EuroCard-MasterCard, VISA and American Express cards are accepted in major shops – especially in tourist areas of the city.
It is common when paying for service (restaurants, pubs) to leave a tip around 10%, or just round up to the nearest 10 or 20 crowns.
- Beer (0.5l) 29 – 39 CZK
- Bread 15 – 30 CZK
- Water (0,5l) 10 – 15 CZK
- Meal (menza) 38 CZK
- Meal (restaurant) 100 – xxx CZK
The official language is Czech. The language belongs to the Slavic group of languages – together with Polish, Slovak, Croatian and the Russian language. There is a Slovak-speaking minority in the Czech Republic. The Czech and Slovak languages are closely related to each other and one can understand the other without translating. A Polish minority lives in the north-eastern parts of the country.
The Czech language uses the Latin alphabet (the same, for example, as English) with some extra special characters. The grammatical structure differs significantly from those in West European languages (like English, German or French). Knowledge of any other language of the Slavic group (i.e. Polish, Russian or other) would be a certain advantage while studying Czech.
Some of Czech words that could be useful :
|Good Morning||Dobrý den|
|My name is..||Jmenuji se..|
|Good bye||Na shledanou|
|One beer, please||Jedno pivo, prosím|
|I can’t speak czech.||Neumím česky.|
Chances are good that you will have a very pleasant, safe stay in Prague. Like any big city, though, Prague has its share of crime, particularly pick-pocketing and crimes of opportunity such as theft. For your personal safety and the security of your belongings, it is wise to take note of the following advice.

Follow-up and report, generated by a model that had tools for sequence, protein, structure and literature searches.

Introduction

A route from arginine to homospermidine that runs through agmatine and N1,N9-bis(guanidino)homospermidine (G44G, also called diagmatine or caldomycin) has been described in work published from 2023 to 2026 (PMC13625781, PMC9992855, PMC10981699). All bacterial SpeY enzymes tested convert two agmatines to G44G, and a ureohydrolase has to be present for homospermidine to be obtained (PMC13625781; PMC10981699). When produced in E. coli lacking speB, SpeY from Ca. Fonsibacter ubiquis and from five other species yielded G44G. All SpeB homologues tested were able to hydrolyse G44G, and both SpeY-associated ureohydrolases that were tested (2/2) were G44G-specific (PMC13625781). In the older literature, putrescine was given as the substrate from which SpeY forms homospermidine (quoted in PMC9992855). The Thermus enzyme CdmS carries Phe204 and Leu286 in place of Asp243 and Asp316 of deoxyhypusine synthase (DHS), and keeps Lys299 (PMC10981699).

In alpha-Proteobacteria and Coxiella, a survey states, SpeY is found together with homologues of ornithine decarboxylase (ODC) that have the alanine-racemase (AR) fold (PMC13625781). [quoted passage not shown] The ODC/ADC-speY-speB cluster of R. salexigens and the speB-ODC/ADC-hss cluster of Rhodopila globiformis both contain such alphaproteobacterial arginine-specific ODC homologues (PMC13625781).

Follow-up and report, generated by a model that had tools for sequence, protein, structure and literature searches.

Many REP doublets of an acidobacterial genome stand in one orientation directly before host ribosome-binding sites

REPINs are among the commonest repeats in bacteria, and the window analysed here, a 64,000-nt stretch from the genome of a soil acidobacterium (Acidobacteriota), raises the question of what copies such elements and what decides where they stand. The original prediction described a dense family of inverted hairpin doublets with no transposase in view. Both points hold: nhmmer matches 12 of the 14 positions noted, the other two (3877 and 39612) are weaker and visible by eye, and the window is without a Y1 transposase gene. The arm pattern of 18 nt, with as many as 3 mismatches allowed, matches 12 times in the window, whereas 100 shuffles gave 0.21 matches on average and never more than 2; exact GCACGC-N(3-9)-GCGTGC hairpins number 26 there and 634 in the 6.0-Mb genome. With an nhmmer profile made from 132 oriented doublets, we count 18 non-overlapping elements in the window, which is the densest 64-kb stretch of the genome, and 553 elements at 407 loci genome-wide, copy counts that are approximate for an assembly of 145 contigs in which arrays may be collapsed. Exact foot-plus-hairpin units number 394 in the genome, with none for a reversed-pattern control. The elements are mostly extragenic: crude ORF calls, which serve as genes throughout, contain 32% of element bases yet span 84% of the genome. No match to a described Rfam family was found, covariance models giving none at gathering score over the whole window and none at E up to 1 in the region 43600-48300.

In the city and on public transportation:
Pick-pocketers make an excellent living in Prague. To avoid being a victim, always be alert to your surroundings when you are in crowds or riding crowded public transportation, especially trams and the metro, and guard your money and belongings accordingly. Pickpocketers often work in pairs or teams and may prey upon people who are distracted by conversation or lost in thought. Make sure that your money and essential documents such as your passport are kept in a safe place where only YOU can access them — never keep your wallet in your back pocket, for example.
In the dormitory:
Although the dormitory will be your “home” for the duration of your stay in Prague, it is a good idea to use the same precautions there as you would in any apartment building in any city. These include not leaving your door open or unlocked when you go down the hall, even for a few minutes, not leaving money, documents or valuables such as cameras or laptop computers in plain view, and immediately reporting anyone who behaves in a suspicious manner.
Taking these simple precautionary steps should be enough to ensure you a safe semester.
Useful telephone numbers
- Hospital Na Homolce: 02/ 52 92 11 11
- American Medical Center: 02/ 80 77 56, 02/ 80 77 57, 02/ 80 77 58, 02/ 80 77 59
- First Medical Clinic of Prague: 02/ 24 21 62 00 (after hours 0601 225050)
- Emergency calls central number: 112 – accidents, urgent needs of medical assistance, they speak English and German
- Police: 158
- Emergency ambulance: 155
- International telephone exchange: 0135
- MCI International: 00 420 00 112
Lost credit cards:
- Visa, Diner’s Club: 02/ 24 12 53 53
- Mastercard: 02/ 24 42 31 35
- American Express: 02/ 24 21 99 92